Restraint








I can honestly say I’ve never prayed harder, dug scripturally deeper or attempted a bolder stand on faith than I did in the contrariness of this past year. In 2020, righteousness was uphill work all the way. Joy required constant vigilance; a determined effort to keep mind and spirit in the positive zone. It was a year when all normal activities suffered curtailing in one form or another; a vivid, modern depiction of the ancient Sabbatical imposed upon the land once every seven years (Leviticus 25:1-7). It was a year of restraint.


Just so we’re clear, restraint actually means:

Deprivation or restriction of personal liberty or freedom of movement.

A measure or condition that keeps something under control or within limits.

Unemotional, dispassionate, or moderate behavior; self-control.


That describes it pretty well, don’t you think? At first, imposed governmental lock-downs went smoothly because unknown pandemic was enough to slam on the brakes. As we slowly crept out of our caves again, self-imposed restrictions were the next hurdle. How much were you willing to risk? Who in your bubble did you have to take into consideration? How much personal liberty would you forfeit for the collective good? These margins became the fodder for much soul-searching and reflective conversation. After fluctuating throughout the year, stringent restrictions on Christmas festivities became the real acid test. Emotions from outrage to begrudging compliance, to sadness, and finally, quiet acceptance were in evidence.

The take-away from this experience has been gross exposure of the deepest, most sublimated attitudes of our hearts. Individually and collectively, primordial fears and latent traumas boiled to the surface. The most perverse, contrary, unmalleable, self-willed, down-right wicked parts of our character stood up and shook their fists at the heavens. Rebellion against authority was set under glaring magnification. Iniquitous, inglorious carnal colors could not be concealed. The things we truly believe, cherish and esteem became unmistakably amplified.


Psalm 32 suddenly became an interesting contemporary word.


For this shall every one that is godly pray unto thee in a time when thou mayest be found: surely in the floods of great waters they shall not come nigh unto him.

You are my hiding place; You shalt preserve me from trouble; You shalt compass me about with songs of deliverance. Selah.

I will instruct you and teach you in the way which thou shalt go: I will guide you with mine eye.

Be not as the horse, or as the mule, which have no understanding: whose mouth must be held in with bit and bridle, lest they come near unto thee. Psalm 32:6-9


Despite the tribulation, authentic faith, tried and true, had a shining moment. Those who believed had to let go of industrious works and full scheduals to actually sit at His feet. We were vulnerable. We started listening. We got purged. We got purified. We got dry-docked. We actually had to seek the Holy Spirit daily. This wilderness required heart-felt, not pro-forma worship. The truth is, the Church was long overdue for a major overhaul, and we got it.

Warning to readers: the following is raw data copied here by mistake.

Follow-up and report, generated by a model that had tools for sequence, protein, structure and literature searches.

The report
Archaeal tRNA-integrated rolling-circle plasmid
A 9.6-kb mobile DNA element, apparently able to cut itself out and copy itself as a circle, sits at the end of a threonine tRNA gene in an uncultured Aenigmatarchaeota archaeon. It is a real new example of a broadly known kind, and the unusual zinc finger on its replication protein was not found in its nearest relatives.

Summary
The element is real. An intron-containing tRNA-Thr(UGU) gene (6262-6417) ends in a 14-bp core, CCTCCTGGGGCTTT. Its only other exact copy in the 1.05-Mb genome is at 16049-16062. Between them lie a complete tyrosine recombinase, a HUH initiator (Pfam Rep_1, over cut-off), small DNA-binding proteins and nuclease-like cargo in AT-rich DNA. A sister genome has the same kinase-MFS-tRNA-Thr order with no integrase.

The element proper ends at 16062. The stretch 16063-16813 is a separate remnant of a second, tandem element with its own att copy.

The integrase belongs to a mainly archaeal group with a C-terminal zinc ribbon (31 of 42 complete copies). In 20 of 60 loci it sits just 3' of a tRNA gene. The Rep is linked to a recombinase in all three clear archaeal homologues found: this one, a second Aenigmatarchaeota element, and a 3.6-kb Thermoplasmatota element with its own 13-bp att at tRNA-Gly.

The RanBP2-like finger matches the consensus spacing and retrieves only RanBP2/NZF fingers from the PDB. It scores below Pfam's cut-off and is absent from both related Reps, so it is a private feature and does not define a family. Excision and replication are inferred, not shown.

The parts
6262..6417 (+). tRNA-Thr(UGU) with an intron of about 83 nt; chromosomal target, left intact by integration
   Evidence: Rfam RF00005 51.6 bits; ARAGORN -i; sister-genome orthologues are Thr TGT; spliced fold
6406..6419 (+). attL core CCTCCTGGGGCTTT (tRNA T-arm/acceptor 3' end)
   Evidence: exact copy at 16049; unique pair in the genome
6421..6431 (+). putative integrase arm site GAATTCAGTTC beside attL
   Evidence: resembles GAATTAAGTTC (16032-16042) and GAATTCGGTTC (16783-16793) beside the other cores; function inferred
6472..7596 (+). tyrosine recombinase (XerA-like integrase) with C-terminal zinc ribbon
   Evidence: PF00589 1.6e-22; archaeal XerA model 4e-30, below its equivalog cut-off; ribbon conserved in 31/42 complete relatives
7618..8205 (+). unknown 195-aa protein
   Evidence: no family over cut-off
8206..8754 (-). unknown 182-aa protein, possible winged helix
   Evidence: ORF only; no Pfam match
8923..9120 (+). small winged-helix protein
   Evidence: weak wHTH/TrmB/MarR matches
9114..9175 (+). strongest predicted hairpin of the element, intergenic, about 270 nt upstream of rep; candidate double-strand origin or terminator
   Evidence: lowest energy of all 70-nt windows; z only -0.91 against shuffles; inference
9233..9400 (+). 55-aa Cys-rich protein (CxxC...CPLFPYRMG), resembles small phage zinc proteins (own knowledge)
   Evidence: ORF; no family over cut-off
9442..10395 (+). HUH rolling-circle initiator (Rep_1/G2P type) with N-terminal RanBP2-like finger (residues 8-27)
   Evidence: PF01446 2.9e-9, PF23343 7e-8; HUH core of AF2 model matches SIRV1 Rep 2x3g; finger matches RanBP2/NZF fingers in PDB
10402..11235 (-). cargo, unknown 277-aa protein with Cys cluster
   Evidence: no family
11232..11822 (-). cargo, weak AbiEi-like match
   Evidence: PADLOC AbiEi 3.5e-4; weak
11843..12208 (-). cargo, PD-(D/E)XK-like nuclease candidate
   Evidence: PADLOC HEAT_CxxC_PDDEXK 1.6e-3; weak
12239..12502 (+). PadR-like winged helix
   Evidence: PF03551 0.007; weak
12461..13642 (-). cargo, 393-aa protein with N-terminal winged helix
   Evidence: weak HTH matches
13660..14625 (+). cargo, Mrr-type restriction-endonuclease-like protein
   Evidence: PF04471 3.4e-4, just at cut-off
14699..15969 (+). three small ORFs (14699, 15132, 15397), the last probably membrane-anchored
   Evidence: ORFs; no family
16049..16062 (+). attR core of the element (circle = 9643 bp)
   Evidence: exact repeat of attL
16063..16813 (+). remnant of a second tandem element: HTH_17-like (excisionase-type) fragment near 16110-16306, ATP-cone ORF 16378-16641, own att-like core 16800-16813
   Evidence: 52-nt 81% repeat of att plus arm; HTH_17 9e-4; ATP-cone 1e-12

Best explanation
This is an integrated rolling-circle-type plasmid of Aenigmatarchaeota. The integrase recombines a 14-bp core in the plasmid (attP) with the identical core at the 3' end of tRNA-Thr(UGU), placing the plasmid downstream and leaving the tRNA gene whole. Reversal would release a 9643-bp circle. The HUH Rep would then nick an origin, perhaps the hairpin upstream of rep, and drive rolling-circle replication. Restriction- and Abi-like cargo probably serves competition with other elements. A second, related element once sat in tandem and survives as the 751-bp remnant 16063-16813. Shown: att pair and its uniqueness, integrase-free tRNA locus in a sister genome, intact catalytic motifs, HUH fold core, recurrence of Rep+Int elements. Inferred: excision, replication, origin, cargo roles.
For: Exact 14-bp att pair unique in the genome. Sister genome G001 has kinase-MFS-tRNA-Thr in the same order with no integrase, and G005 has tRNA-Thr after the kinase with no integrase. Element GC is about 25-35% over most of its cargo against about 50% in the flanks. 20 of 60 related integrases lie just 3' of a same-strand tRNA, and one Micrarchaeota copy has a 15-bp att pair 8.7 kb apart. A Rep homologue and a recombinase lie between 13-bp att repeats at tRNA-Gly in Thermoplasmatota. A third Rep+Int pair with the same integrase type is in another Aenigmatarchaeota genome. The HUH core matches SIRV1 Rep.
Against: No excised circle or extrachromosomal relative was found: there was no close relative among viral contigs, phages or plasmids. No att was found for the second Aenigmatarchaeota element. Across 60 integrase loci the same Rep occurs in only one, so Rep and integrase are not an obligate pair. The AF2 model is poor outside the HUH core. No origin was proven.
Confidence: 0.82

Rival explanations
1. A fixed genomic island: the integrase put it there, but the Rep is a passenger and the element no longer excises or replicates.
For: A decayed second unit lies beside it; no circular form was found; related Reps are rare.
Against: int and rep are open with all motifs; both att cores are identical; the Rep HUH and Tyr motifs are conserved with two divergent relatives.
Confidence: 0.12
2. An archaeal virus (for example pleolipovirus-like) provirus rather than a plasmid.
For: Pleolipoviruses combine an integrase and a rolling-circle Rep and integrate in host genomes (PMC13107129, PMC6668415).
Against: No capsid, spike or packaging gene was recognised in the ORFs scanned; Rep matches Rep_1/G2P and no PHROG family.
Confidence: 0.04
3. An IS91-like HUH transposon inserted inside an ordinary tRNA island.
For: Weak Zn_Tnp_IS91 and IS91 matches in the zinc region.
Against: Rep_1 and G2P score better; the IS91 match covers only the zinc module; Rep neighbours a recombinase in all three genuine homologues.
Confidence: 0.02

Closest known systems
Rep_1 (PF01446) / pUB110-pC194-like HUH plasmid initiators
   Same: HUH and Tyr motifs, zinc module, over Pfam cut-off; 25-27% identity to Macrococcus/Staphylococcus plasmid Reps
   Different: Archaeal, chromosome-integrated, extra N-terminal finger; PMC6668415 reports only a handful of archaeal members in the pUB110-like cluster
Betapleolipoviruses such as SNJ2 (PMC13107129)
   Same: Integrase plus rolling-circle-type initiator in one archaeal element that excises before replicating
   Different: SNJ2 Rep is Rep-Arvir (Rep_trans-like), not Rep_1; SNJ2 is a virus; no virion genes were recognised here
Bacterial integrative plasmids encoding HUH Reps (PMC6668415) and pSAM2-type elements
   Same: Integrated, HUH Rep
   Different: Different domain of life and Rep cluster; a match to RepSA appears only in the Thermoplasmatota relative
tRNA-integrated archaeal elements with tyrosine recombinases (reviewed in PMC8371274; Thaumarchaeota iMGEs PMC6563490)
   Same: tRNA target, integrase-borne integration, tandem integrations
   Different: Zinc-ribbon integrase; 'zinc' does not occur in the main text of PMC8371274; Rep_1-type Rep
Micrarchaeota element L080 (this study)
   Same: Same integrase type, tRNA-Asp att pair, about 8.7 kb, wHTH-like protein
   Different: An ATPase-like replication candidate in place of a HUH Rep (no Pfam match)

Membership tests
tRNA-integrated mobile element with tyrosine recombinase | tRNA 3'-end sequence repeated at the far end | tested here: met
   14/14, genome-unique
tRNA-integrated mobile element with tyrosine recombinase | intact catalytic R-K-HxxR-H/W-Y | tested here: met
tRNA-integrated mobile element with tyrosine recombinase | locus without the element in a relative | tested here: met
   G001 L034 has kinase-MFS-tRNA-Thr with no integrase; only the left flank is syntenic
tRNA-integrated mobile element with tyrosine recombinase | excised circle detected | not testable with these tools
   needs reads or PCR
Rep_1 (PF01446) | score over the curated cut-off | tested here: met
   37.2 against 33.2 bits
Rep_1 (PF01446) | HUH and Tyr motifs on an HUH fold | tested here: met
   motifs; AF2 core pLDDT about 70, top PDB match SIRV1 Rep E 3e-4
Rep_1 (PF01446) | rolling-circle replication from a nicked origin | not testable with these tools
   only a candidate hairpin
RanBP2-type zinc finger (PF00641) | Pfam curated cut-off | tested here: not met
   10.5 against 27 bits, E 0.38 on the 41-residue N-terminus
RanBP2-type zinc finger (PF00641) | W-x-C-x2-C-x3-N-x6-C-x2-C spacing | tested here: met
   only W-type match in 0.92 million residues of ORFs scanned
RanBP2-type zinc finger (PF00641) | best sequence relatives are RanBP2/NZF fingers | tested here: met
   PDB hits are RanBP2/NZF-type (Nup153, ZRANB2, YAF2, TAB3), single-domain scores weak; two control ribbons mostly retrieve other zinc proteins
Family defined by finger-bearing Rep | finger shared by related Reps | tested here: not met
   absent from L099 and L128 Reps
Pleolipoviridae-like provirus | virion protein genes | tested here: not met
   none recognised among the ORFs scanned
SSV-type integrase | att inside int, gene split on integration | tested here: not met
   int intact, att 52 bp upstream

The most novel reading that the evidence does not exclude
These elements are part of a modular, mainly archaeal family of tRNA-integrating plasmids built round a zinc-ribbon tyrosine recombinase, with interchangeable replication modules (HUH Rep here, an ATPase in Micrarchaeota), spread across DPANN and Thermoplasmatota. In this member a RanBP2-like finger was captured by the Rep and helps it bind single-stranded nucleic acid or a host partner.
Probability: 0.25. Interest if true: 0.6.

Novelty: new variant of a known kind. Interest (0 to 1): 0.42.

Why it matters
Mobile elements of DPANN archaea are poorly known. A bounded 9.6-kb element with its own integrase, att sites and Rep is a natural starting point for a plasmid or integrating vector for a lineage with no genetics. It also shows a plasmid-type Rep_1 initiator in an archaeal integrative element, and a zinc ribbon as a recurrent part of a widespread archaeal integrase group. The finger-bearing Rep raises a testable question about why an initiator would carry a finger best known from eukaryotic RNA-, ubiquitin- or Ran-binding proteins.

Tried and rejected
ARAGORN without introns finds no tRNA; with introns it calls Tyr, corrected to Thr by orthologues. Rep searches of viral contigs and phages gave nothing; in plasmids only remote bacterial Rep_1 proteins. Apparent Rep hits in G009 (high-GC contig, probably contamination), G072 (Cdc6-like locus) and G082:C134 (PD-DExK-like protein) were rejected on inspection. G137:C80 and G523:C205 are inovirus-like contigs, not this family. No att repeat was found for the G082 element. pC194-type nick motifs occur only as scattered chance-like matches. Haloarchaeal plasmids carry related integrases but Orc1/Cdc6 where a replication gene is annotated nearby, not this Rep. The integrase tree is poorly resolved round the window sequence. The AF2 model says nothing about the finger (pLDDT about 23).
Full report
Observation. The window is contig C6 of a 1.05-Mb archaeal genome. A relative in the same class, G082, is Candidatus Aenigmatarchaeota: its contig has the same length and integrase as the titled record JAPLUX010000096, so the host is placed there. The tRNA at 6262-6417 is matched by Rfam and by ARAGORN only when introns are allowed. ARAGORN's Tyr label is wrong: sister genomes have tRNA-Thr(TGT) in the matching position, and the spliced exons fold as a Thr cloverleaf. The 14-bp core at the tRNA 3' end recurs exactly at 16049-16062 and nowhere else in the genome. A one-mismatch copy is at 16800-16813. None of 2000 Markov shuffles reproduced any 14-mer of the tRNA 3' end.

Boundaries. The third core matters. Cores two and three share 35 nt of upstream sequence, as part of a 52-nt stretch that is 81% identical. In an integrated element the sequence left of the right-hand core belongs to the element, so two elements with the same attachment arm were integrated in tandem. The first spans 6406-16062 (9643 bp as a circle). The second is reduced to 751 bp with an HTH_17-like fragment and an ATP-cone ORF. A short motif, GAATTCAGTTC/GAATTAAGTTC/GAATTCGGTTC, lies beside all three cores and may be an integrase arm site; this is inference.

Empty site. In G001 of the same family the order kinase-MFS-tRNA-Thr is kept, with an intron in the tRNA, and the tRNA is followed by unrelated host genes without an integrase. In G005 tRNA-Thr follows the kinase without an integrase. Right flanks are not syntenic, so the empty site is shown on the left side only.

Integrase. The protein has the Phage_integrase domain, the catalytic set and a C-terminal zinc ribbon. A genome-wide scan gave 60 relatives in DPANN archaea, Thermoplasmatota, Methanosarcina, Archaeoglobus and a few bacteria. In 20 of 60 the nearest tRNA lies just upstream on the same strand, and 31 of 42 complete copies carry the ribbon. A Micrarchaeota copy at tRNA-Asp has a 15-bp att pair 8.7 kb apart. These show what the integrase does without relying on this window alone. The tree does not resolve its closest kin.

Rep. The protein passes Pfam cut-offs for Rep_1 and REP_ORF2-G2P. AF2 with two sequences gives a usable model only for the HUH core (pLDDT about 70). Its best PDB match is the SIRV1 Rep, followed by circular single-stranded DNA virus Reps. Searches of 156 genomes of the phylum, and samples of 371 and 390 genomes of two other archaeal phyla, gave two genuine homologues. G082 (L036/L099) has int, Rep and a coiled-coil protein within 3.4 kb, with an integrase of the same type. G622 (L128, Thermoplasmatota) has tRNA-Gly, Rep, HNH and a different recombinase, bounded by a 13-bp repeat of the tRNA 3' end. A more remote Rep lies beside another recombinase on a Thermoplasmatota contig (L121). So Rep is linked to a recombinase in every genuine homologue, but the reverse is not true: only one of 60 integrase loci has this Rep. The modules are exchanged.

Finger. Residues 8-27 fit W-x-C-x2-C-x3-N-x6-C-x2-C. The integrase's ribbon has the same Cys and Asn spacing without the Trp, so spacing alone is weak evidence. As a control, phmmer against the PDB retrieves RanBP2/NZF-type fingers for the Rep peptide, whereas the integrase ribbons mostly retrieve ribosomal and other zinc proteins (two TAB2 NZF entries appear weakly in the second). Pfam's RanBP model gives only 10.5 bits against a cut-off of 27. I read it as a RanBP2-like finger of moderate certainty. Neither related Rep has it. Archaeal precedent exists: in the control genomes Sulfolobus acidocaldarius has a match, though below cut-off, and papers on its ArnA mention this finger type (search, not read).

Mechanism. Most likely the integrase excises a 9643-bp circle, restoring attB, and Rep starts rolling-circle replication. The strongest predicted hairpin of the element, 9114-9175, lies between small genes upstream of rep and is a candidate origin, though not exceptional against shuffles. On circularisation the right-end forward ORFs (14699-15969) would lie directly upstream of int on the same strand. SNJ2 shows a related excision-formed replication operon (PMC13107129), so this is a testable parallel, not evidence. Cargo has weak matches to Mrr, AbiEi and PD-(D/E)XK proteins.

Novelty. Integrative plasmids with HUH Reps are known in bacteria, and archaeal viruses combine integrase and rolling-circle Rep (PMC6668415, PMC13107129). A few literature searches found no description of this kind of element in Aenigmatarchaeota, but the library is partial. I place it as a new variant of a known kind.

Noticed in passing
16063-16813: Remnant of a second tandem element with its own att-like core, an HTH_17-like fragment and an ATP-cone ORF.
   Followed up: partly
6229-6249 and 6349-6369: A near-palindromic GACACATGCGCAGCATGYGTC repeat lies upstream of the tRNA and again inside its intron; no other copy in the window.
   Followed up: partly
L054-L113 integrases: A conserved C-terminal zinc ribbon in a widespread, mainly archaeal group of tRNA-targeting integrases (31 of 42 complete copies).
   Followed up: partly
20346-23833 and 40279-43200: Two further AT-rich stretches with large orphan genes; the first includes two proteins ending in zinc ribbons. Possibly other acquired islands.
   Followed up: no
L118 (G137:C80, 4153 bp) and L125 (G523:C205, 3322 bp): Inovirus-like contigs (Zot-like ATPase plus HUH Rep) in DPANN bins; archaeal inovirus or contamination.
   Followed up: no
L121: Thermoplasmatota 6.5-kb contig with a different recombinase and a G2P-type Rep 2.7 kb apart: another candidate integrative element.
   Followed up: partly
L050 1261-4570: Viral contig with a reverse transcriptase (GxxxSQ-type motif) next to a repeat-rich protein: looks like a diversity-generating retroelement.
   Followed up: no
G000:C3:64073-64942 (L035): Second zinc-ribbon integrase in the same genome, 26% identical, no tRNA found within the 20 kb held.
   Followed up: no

The prophetic word for 2020 was Vision. In retrospect, a more accurate word might be “Hindsight is 2020” . In other words, looking back on the year will provide more revelation than we experienced going through it! I recently stumbled across a verse that redeemed the entire blind wandering of 2020.


Blessed is the man that trusts in the Lord, and whose hope the Lord is.

For he shall be as a tree planted by the waters, and that spreads out her roots by the river, and shall not see when heat cometh, but her leaf shall be green; and shall not be careful in the year of drought, neither shall cease from yielding fruit. Jeremiah 17:7-8


That phrase “the year of drought”, is actually, in Hebrew, “the year of restraint” and it carries its own specific promise! If you have stayed close to the Lord, 2020 cannot possibly be a waste…you will not be barren, idle, unfruitful or bereft (2 Peter 1:3-8). Our roots went deeper into patience, forbearance, self-discipline, obedience and moderation. The Lord will yet redeem the time! Open your eyes to your fruitful reward. Press in.


As the clock turns over, we’re desperate for the sound of happiness, prosperity, new opportunities or hopes fulfilled. We want change, and we want it now, but “patience must have her perfect work”, so wait for even the pandemic to be fulfilled. Even though it’s now 2021, the wise know the season is not quite over. However restraint may have curtailed your movements, it did not stop your progress.


You have beset me behind and before, and laid your hand upon me. Such knowledge is too wonderful for me; it is high, I cannot attain unto it. Psalm 139:5-6



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